Westminster City Hall, Monday 21st February 2011 at 6pm


As well as a further 201 redundancies, Westminster Council are proposing to:

Reduce Care services to 3,000 vulnerable adults; Cut £200,000 from the Portman Family Centre; Reduce Street Cleansing; Close Play Centres ; Dismiss Youth Workers employed to reduce gang crime ; Change to the Meals on Wheels serviceClose St James’s Library in September and reduce staff in other libraries with self service machines.

And this is just the beginning. The Tri Borough Report cites 50% reduction in management alone. Phases 5a and 5b redundancies will start next week . As Westminster demands reductions in the contract price from its outside contractors, further services will be reduced and more staff will be made redundant.

This week Housing21 issued 361 redundancy letters to the Home Care workers employed to look after Westminster’s most vulnerable residents.

However, Westminster has spent £3,973,952 on 12 temporary staff, all of whom cost  over £500 a day.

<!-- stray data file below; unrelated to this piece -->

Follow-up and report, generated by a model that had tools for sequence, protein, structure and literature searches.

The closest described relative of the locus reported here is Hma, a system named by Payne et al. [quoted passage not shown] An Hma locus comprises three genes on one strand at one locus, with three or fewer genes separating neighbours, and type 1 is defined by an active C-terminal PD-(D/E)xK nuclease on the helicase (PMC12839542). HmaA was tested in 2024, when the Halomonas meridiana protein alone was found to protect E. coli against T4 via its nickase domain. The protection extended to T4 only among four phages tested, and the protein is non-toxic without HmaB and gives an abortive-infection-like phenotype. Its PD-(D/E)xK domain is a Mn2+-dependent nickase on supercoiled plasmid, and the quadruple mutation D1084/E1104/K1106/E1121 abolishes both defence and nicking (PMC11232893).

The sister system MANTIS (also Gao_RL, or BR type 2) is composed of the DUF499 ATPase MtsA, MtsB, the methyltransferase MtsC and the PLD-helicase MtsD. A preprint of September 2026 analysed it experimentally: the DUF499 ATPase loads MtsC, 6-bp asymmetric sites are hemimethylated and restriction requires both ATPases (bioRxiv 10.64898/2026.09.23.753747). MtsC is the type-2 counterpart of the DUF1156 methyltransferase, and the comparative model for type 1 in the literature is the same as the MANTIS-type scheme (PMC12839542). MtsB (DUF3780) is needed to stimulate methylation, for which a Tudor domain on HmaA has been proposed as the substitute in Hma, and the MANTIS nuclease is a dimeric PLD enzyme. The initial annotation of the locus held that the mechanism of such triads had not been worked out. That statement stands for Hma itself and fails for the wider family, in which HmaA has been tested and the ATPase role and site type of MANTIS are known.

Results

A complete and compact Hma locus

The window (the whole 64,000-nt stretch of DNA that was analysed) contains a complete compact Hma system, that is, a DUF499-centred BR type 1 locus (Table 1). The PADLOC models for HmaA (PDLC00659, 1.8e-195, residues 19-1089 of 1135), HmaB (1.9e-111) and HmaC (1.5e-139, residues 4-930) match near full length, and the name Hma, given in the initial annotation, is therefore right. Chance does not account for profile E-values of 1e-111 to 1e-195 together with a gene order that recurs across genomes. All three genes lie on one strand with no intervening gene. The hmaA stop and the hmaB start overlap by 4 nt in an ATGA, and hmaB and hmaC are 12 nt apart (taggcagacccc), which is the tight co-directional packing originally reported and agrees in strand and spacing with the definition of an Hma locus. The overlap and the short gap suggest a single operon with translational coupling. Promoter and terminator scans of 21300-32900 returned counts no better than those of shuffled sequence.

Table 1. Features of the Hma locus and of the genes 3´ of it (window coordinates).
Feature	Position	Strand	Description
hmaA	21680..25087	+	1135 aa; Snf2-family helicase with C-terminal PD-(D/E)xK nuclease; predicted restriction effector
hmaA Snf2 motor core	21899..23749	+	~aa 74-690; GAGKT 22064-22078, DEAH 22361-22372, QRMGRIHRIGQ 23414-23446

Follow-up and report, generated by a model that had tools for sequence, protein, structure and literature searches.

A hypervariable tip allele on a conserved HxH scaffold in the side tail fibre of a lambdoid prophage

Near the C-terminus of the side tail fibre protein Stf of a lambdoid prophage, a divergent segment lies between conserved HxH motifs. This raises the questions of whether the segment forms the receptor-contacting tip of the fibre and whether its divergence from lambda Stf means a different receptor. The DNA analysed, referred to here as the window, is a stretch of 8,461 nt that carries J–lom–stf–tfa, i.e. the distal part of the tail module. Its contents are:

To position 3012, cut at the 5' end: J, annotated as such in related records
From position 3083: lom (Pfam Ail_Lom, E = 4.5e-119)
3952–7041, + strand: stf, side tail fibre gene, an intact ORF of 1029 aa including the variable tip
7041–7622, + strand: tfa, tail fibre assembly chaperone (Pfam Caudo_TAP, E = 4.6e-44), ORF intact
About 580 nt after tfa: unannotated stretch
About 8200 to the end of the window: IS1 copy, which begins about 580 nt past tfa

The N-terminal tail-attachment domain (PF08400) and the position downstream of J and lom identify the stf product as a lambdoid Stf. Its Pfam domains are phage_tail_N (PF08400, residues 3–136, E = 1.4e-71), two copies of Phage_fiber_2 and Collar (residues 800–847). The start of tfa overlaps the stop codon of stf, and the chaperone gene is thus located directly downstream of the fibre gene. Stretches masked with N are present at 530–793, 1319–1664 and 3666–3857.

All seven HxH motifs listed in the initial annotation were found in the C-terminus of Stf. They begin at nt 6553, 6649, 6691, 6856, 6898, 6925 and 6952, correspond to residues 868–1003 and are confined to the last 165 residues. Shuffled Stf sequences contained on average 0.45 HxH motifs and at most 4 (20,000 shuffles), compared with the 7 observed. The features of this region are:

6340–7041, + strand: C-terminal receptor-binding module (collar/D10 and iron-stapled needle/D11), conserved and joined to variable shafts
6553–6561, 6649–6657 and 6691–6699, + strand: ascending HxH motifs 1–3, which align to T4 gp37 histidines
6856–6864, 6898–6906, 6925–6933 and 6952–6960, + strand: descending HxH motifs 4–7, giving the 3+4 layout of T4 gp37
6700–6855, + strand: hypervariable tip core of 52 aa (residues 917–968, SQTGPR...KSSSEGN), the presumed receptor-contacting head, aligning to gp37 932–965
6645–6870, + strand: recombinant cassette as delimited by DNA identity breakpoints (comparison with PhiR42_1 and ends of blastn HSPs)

The Temporary Head of Regeneration and Partnerships, costs the Council £745 a day and has cost £453,446 for the 608 days worked for the Council.

A Senior Project Manager, costing £600 a day, has cost the Council £852,600 for 1,421 days’ work, while a Senior Business Analyst, costing £521 a day, has cost the Council £827,400 for 1,588 days’ work.

Information released by the Labour Group last week detailing some £74,259 spent on flowers as well as £91,390 spent on media training. Whilst these sums may not seem large, the spend on flowers alone is equal to two average staff posts (excluding on-costs).

Oxford fighting Library closures & Big Soicety

Leave the libraries alone. You don’t understand their value.

Best-selling author Philip Pullman spoke to a packed meeting on 20 January 2011, called to defend Oxfordshire libraries. He gave this inspirational speech, which we are very pleased to co-publish with openDemocracy.

“Here in Oxfordshire we are threatened with the closure of 20 out of our 43 public libraries. Mr Keith Mitchell, the leader of the county council, said in the Oxford Times last week that the cuts are inevitable, and invites us to suggest what we would do instead. What would we cut? Would we sacrifice care for the elderly? Or would youth services feel the axe?